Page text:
2. Look at the map more carefully. They’d also be extending the bus lanes on Aurora to support BRT along that corridor.

  3. I thought the same thing, but the BRT improvements cost money, and I think a small percentage is going into a fund for future extension.

  4. Hey Matrin, the map seems to disagree with the text on the second information page and says those BAT lanes are in both the 0.4% and 0.5% proposals. So ST will pay for lanes for KC Metro BRT, correct? I don’t think ST should be supporting local transit in that way — I feel the mission of ST is (or should be) to support the capital investment and operations of mass transit.

    Yes, I’m sure ST will use those lanes but I’m sure they won’t be competing with Swift or RapidRide. And I would call Shortline <-> Lynnwood a Sno. County investment more than a North King investment. (This is just like extending Sounder south to DuPont is a Kitsap investment and not a Pierce investment, which is why you don’t see service upgrades down that far on the map.) Needless to say, I don’t buy that Shortline <-> Lynnwood bus lanes are a good ST investment for North King.

    daimajin, as far as I know ST has no concrete plans to run anything that we would typically call BRT (in any subarea). ST has so far used “BRT” and ST Express to reach subarea equity, but Seattle doesn’t need that. And Seattle has absolutely no need for regional BRT or additional ST Express. I would much rather those funds be saved for future extensions or to make the bonds more favorable to ease future extensions. And even that isn’t ideal — the best ST staff can deliver for 0.1% is an extra half mile of streetcar and transit improvements for Sno. County residents? Come on, I know Northgate is the most ideal terminal but even one station further North is more than a symbolic gesture. I think they’re reaching to call cross-lake corridor or North 99 improvements North King when clearly the benefits are going to East King and Sno. County.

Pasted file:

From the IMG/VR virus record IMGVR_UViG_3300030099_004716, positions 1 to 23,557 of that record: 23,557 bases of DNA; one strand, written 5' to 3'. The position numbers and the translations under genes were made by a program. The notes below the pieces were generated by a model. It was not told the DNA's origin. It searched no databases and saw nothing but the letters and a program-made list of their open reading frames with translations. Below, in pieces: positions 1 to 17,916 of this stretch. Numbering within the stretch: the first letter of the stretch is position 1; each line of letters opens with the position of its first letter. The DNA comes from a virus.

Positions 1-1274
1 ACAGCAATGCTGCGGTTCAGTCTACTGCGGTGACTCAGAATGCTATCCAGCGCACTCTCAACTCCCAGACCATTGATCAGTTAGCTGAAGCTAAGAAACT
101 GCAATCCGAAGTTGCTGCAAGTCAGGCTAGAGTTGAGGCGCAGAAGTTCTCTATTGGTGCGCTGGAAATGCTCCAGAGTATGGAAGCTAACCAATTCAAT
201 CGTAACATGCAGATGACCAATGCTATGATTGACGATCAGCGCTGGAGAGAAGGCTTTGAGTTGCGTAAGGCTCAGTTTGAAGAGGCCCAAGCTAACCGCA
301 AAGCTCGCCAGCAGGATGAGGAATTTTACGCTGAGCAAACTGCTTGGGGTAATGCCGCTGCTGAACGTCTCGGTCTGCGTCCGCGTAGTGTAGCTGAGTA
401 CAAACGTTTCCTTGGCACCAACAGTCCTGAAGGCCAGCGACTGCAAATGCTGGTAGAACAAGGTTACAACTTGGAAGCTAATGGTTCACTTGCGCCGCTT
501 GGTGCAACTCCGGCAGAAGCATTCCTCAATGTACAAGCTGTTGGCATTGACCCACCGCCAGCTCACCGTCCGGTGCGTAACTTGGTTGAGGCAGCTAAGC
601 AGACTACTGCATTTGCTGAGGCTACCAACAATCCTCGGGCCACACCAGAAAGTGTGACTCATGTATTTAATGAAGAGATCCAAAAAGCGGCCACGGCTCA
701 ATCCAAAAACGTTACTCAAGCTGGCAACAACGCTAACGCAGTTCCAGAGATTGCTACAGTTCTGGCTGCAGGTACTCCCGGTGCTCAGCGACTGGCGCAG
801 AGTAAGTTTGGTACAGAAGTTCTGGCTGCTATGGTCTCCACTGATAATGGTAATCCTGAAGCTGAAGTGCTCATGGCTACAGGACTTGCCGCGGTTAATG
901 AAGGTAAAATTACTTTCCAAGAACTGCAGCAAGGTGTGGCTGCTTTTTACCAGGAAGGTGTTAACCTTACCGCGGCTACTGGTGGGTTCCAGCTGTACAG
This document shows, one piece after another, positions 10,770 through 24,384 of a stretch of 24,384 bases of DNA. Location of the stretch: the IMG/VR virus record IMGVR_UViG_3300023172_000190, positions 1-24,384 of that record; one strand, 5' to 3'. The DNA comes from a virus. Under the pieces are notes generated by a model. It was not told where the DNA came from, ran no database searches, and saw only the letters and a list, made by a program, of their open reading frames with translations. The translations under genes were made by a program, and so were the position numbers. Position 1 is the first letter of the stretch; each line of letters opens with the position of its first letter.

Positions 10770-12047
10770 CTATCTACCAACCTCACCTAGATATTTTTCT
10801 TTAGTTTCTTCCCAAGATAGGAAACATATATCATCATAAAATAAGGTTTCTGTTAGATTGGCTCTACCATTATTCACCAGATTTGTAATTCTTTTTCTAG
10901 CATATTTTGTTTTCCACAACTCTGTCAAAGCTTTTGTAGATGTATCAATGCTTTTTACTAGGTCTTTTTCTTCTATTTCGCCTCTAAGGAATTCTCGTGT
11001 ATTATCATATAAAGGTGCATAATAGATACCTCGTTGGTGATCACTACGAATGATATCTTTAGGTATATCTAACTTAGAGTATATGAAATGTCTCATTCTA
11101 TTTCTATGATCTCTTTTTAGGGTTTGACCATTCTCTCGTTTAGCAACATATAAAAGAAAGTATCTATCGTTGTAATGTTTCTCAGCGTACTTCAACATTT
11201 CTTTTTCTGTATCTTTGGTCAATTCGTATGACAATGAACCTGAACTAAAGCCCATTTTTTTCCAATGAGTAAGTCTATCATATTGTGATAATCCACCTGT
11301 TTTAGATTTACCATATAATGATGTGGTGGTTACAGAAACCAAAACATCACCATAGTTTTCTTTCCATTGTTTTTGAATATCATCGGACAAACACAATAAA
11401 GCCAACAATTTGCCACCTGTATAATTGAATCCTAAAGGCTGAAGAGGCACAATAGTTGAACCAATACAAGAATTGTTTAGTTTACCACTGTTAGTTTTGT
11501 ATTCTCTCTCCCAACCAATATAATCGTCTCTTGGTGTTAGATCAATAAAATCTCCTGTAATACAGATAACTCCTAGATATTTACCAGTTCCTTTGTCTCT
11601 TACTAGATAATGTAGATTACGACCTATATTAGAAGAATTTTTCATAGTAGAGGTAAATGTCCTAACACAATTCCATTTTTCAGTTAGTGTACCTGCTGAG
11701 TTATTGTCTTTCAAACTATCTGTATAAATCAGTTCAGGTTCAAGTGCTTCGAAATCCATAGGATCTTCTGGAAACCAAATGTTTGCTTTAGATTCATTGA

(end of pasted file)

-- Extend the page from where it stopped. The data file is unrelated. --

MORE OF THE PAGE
anonymous: The right of way is the real expense in any transit capital investment.

  5. The sheet I put up is wrong. I put up an old, incorrect version of the sheet. I have the correct version, but I’m unable to access gmail to replace it.


  6. Good to hear that there’s a corrected version available! I look forward to poring over it again :)

  7. Man the Seattle Times article was still kind of depressing: expected opening for the base Seattle light rail line in 2002; expected completion of system all the way to the U-District in 2006. Wouldn’t that be nice? We’d already be riding light rail and expanding would be a no-brainer this election cycle. Ah well, at least they’re hopefully delivering the central link on time now.

  8. I support light rail expansions being on the ballot in 2008 but perhaps we should wait till 2010. The economy has gone down right now and I think any new proposal to raise taxes will be shot down host down. Plus, after gas prices have risen to $8/gal and light rail has run for a year, support will be overwhelming.